• The Greek Septuagint translation had two distinct orders for the Decalogue, different than all other translations which parallel our Masoretic text. Our text is: You shall not murder…adultery…steal in Exodus 20 and Deuteronomy 5. The Septuagint changes the order in Exodus to adultery…steal…murder, and in Deuteronomy to adultery…murder…steal. Philo accepted the Septuagint order.
  • Philo states that the first four commands deal with relations between man and God. The fifth is about honoring parents and focuses on both honoring God and treating people properly. The remaining five are commands dealing with human relations. They begin with adultery (in the Septuagint and Philo order) because this is the greatest of crimes according to them.
  • The first law (“I am the Lord”) “opposes the polytheistic doctrine and teaches that one sole governor rules the world.”
  • The second, forbidding making idols, is so that “the only true God might be honored in truth and simplicity.”[4] Does God need honor, or does God desires to aid humans from going astray, by teaching them to follow natural law He created or formed?
  • The third prohibits the wrongful use of God’s name. This restrains people from making unnecessary oaths that can cause many problems.
  • The fourth about the Sabbath obligates people to work during the other six days of the week and to use the seventh day to contemplate how to improve one’s self. It requires people to give rest to servants and even animals. It teaches that people should become self-reliant and not rely on servants and animals, servants should not despair of better times that lay ahead, and people should be sensitive to the needs and feelings of animals. Contrary to the Greek society in which he lived, Philo felt that slavery is an affront to God and humanity.
  • The fifth requires honoring parents. This is both a human and divine-oriented command. People must learn how to reciprocate with service to those who have done them a service. The command teaches that we must reciprocate not only to parents but to God, nature, and all people, to everything.
  • Philo’s sixth law bars adultery. As previously noted, it is “the greatest of all violations of the law.” It has as its source the love of pleasure that enervates the body and destroys the chance for proper improvement. It affects three people and their families, the husband, the adulterer, and the wife and her children.
  • The seventh in Philo’s order of Exodus 20 is murder, an act of sacrilege, for humans are godlike and are supposed to be civilized and act with reason. Murder robs a person of the sacred gift given by God, life.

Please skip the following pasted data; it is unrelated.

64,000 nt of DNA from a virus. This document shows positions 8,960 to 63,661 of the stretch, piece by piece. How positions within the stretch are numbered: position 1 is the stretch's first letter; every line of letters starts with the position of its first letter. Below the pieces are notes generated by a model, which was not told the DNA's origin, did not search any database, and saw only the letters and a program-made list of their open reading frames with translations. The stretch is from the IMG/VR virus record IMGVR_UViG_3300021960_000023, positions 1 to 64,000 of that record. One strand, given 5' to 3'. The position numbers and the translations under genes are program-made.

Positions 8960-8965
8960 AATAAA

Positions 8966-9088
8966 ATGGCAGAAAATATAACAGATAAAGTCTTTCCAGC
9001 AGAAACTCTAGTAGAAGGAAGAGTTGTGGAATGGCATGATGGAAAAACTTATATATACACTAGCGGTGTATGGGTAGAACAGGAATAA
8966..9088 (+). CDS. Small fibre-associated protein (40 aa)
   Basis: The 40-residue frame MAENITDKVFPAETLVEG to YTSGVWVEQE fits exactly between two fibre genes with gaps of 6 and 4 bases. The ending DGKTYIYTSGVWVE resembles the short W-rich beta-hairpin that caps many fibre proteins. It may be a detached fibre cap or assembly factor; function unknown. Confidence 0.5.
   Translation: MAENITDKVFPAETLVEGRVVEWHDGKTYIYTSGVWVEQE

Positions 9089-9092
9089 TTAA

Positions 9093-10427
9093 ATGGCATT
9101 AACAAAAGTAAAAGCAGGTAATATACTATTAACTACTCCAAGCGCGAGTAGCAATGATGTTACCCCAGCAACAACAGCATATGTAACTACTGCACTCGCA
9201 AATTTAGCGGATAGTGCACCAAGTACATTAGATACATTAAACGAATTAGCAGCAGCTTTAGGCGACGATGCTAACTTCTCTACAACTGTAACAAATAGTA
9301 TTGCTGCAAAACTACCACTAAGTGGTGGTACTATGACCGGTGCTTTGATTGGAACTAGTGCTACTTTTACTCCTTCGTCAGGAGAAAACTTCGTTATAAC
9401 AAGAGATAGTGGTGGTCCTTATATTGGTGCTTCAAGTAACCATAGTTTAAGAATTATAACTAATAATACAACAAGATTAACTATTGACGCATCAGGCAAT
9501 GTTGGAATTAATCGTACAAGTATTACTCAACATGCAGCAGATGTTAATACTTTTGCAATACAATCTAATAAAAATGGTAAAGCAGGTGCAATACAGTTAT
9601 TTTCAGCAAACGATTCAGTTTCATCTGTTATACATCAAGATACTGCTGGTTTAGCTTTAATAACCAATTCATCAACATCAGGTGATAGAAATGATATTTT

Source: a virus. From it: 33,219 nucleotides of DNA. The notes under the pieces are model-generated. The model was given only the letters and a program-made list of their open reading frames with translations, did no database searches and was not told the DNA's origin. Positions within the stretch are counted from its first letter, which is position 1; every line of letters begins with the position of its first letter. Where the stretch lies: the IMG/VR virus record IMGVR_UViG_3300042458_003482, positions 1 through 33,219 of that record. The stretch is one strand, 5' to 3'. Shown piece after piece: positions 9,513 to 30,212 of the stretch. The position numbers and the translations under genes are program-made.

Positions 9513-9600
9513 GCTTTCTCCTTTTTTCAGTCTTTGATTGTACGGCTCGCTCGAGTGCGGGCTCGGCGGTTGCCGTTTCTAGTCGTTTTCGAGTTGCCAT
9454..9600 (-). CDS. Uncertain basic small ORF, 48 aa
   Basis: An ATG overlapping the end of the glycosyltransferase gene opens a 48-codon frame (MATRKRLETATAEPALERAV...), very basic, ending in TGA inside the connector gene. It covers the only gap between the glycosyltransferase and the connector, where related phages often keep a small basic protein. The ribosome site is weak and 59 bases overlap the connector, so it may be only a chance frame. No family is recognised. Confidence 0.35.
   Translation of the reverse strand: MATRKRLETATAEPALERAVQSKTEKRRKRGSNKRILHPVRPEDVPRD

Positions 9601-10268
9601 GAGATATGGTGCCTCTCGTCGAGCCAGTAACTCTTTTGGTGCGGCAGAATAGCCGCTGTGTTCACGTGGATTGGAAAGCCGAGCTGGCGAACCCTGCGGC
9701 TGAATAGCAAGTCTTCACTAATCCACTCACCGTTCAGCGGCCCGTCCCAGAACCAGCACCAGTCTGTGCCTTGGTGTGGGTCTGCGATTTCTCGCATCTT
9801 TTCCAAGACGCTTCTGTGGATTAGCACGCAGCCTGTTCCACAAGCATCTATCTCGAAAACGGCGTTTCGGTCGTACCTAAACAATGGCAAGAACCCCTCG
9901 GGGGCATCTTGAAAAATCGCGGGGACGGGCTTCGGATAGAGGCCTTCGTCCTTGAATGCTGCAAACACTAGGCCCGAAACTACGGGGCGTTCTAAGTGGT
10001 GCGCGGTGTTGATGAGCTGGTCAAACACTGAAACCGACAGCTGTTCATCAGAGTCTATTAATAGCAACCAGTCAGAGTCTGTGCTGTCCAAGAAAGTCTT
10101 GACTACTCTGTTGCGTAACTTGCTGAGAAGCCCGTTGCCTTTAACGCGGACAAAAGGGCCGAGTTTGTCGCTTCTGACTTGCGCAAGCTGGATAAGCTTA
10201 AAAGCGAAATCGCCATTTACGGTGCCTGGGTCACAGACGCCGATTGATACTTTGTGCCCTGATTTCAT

• The eighth in his Exodus order is stealing. A thief is an enemy of the State and all that a State stands for. Stealing one object leads to other transgressions and develops progressively worse habits.
  • The ninth outlawing being a false witness can produce “every kind of terrible danger.” Such a person corrupts the truth, the most sacred treasure anyone can expect to own.
  • Philo understands that the tenth, the prohibition against “covetousness,” bans improper desires, not deeds.[5] Covetous desires is the original passion from which all other mischiefs emanate. People need to learn to become obedient to the laws of moderation.

[1]      This raises the question: how does this command differ from the injunction against theft.

[2]      The source for the quotes is Torah from Alexandria, Philo as A Biblical Commentator, Exodus, by Rabbi Michael Leo Samuel, Kodesh Press, 2014.

[3]      Why did they consider the ten commands as ten categories? We do not know. It is possible that they thought since the Decalogue is described in the Torah as being promulgated in a miraculous manner, different than all other commands, it must have special significance.

[4]      This concept of worshiping God in a very simple manner stresses acting properly with fellow humans rather than pompous grandiose religious observances.

[5]      In his Guide of the Perplexed 3:50, Maimonides explains, like Philo, that people need to learn to control their desires. However, as a matter of halakha, “law,” Maimonides states (in Mishneh Torah, Hilkhot Geneivah 1:9) that the rabbis understood that it is the acts that the Torah forbids.

About the Author
Dr. Israel Drazin served for 31 years in the US military and attained the rank of brigadier general. He is an attorney and a rabbi, with master’s degrees in both psychology and Hebrew literature and a PhD in Judaic studies. As a lawyer, he developed the legal strategy that saved the military chaplaincy when its constitutionality was attacked in court, and he received the Legion of Merit for his service. Dr. Drazin is the author of more than 50 books on the Bible, philosophy, and other subjects.